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Mr. Faulkhead and the Secret Sign

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    by Arthur L. White

    The story of N. D. Faulkhead of Australia is the story of a man whose life was changed by a personal message he received from God. It is a story he has told and retold, and his name is used with his written permission. The account as we give it here is brought together from the records of Mr. Faulkhead, W. C. White, G. B. Starr, and Mrs. E. G. White, drawing both from her correspondence and diary entries at the time of the incident.MFSS 1.1

    Early in the work of Seventh-day Adventists in Australia, Mr. Faulkhead heard and accepted the truths of the third angel’s message. He was tall, keen, apt, and an energetic businessman, genial and liberal in his disposition. He was respected by his associates and was deeply loved by his wife and two children. At the time of our study he was a prominent member of the Masonic order. As Mr. Faulkhead became a Seventh-day Adventist he failed to withdraw from the several secret organizations in which he held membership, but became more and more engrossed in their activities. Listing his lodge connections, he states, “I was Master of the Master Masonic Lodge; second, I was first Principal of the Holy Royal of Canada; third, I was Preceptor of the Knight Templars, besides many other minor lodges (five in all), Good Templars, Rechabites, Odd Fellows, etc.”MFSS 1.2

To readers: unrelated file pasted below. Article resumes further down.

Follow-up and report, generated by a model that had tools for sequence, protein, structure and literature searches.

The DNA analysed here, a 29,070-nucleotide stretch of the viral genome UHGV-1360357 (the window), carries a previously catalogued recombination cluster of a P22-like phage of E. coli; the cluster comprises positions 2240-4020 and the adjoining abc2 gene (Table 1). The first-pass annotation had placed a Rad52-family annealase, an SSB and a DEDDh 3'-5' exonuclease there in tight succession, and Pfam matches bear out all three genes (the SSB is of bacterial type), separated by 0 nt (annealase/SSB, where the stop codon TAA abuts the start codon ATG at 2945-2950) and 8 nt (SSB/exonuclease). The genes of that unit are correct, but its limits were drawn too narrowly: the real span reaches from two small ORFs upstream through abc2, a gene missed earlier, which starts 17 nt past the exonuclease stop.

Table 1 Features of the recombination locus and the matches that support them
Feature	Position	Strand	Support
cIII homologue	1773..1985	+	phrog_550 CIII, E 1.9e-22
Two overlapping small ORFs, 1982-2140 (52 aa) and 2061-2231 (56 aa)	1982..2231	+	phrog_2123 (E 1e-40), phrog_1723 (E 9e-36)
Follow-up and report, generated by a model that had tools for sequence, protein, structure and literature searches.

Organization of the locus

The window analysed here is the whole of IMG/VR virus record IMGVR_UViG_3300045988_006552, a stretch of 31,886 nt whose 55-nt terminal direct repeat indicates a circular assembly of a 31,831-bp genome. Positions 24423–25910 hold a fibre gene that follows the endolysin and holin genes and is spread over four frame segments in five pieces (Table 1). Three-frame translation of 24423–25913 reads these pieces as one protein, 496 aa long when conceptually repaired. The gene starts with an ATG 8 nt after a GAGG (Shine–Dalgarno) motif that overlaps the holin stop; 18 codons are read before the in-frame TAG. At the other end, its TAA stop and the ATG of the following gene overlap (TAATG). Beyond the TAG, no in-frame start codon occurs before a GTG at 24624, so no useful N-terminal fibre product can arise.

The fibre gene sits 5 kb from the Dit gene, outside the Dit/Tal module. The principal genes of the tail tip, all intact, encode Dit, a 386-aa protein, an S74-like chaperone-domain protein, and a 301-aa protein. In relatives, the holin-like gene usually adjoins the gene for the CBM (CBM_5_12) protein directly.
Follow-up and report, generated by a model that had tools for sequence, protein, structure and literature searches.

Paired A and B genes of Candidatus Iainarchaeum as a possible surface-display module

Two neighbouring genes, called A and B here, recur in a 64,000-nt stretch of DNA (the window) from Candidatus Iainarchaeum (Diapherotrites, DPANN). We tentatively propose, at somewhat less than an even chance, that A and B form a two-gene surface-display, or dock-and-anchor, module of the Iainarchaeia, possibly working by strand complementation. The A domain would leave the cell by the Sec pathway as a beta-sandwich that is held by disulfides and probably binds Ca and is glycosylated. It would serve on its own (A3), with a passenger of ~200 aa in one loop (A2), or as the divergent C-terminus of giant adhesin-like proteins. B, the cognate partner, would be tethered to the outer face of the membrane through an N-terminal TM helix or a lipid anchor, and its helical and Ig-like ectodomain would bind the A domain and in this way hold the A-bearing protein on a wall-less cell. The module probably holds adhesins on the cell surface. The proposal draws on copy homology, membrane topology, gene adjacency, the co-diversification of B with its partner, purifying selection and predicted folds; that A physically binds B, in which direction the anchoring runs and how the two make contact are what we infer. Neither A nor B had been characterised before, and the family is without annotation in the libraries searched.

Recognizing Mr. Faulkhead’s unusual ability, he was early employed as treasurer of our printing house in Melbourne, Australia, the Echo Publishing Company. He served well at first, but as time went by and he became more and more involved in his lodge work, his interests in the work of God began to wane.MFSS 1.3

    It was just at this time that Mrs. Ellen G. White, in response to an invitation by the General Conference, visited Australia, reaching there in December, 1891. While on shipboard, en route to Australia, and again a few days after her arrival, during the session of the Australian conference, there was opened to her in comprehensive visions much relating to the work in this newly entered field. These views included the personal experiences of a number of the workers.MFSS 1.4